CFD Trading Assets

CFD Trading Assets: Determining What To Trade

CFD trading assets refer to those underlying financial instruments, usually traded in conventional financial exchanges, but which can be traded on the basis of speculation of their price differentials at various times without the trader taking physical ownership of the assets. These CFD trading assets are usually classified into asset classes. The following CFD trading asset classes exist in the market:

  • Currencies
  • Stocks
  • Commodities
  • Indices
  • Options
  • ETFs
  • Bonds
  • Interest rates

The big question is – should you be trading all these assets? If the answer is no, what kind of trader should be trading a particular kind of asset? This article attempts to provide that answer.

Kinds of Traders

There are three types of financial traders: beginner traders, intermediate traders, and advanced traders. Some may even add a fourth category; veteran traders. Each kind of trader has skills, trading mindsets and various kinds of approaches to the market. It is therefore important that a trader identifies the correct group that he/she belongs to, and trades the CFD trading assets that are best suited for that group.

CFD Trading Assets: Who Should Trade What?

1. Beginners

Stocks CFDs, also known as share CFDs, are particularly good for beginners. In addition to the limited number of hours that a stock exchange is available for trading, stocks are segmented into various markets across the world. It is therefore, easier for a stock CFD trader to trade on stock assets that are listed in exchanges that they are familiar with. For instance, it is easier for a German trader to trade the stocks CFDs on Deutsche Telekom, listed on the DAX30 exchange. For a German trader, this is a local company, listed on a local exchange and with exposure to local factors that could affect price movements. Such a trader may not have the experience to trade a stock from China such as Baidu. The segmented nature of the stock market, as well as the limited influences on stock prices, mean that beginner traders will find it easier to understand the stock CFDs that they trade.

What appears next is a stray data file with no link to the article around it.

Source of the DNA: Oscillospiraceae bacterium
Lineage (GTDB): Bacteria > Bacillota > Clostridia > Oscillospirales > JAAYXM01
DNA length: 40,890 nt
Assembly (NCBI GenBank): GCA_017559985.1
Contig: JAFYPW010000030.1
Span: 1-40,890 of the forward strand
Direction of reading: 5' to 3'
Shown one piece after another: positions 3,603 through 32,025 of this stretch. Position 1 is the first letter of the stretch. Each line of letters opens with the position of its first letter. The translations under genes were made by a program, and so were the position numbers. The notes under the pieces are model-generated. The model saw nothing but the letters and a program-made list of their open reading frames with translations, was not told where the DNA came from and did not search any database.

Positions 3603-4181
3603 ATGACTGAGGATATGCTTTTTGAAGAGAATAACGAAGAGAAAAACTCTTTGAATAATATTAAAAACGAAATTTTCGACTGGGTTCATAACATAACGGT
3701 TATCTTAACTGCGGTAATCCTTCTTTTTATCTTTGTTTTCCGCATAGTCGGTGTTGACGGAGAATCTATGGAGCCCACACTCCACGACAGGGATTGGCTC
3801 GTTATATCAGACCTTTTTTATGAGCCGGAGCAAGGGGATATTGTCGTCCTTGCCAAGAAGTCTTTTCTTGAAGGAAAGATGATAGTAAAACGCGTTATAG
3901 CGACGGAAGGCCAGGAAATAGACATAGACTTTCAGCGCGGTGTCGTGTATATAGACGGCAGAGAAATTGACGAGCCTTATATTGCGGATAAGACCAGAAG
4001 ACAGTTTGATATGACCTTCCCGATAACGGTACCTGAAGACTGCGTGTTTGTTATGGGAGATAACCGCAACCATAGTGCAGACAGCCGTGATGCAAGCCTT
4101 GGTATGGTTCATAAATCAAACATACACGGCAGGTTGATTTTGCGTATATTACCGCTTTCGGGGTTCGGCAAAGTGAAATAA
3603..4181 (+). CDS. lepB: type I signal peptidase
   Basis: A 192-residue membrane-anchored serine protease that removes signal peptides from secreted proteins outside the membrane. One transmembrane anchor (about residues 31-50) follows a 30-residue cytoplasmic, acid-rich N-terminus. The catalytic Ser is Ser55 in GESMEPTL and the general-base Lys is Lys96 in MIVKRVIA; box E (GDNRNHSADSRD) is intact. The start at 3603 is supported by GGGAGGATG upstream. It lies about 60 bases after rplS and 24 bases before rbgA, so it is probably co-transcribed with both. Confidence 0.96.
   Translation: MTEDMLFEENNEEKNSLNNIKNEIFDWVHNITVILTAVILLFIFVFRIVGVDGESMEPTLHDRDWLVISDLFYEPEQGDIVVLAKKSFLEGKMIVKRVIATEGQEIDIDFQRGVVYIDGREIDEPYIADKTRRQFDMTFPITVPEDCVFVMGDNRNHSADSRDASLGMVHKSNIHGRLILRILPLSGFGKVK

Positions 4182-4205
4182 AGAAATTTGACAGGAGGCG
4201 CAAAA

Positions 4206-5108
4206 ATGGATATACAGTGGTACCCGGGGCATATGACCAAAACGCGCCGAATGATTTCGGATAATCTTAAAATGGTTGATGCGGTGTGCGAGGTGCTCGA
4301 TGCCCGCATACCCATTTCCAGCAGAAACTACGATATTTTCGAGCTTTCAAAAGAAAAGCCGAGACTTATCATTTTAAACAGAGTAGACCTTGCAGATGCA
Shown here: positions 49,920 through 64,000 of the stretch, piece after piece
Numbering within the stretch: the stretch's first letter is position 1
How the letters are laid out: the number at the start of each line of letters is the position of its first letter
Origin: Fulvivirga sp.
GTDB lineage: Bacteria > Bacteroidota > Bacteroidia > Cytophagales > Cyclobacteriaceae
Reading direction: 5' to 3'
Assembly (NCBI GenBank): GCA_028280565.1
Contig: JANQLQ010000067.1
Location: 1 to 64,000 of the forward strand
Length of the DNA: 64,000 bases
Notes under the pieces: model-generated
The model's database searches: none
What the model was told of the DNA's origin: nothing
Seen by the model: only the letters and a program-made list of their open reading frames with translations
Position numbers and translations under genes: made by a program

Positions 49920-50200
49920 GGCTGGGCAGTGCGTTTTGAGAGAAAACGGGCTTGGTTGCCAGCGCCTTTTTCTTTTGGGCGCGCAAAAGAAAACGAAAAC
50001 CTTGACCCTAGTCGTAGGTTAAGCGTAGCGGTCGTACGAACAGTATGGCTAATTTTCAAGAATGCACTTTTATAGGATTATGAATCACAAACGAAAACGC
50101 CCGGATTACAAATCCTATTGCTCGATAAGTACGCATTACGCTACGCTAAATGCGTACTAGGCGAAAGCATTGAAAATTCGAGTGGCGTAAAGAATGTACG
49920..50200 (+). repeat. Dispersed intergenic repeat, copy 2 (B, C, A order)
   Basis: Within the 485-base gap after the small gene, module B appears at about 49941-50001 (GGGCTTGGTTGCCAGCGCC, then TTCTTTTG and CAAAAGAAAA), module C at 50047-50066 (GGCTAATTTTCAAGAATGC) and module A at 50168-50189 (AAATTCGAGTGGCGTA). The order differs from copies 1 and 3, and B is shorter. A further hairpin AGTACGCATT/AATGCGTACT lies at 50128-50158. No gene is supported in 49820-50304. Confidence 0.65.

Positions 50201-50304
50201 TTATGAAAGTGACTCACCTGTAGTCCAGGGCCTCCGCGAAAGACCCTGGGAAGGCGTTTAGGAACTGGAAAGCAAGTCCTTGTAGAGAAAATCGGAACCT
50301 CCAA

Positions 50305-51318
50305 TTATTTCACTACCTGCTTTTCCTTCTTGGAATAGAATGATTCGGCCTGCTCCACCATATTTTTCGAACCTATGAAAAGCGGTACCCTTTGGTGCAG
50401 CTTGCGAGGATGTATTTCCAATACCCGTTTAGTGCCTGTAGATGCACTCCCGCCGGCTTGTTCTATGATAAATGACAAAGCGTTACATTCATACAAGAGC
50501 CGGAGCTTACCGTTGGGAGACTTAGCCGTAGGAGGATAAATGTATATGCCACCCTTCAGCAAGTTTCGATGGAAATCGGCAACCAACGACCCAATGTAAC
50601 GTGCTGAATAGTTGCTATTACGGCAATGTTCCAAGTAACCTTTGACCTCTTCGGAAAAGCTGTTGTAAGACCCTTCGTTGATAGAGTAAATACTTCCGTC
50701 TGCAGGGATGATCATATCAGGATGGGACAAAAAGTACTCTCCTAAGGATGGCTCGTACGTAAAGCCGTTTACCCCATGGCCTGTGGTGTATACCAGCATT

The currency trading market is more complex, and when CFD trading assets such as Interest Rate derivatives and options are added to the mix, it adds to the difficulty level and may be too much for the beginner. Beginners should therefore, stick to the simpler CFD trading assets such as stock CFDs.

2. Intermediate Traders

Intermediate traders have had some trading experience and market exposure, which enables them to step up to trading more advanced CFD trading assets such as currency trading CFDs and perhaps commodity CFDs. Some of the advanced CFD types such as interest rate and bond CFDs may still be a bit too much for them to handle.

3. Advanced Traders

Advanced traders are very experienced and can take on all CFD asset types, including the very complex interest rate CFDs as well as vanilla options.

Conclusion

All CFD trading assets are not created equal. Some are simpler to trade and others have very complex contract specifications. In order not to bite off more than can be chewed, traders should be able to identify their market experience level and trade assets that commiserate with their market experience.

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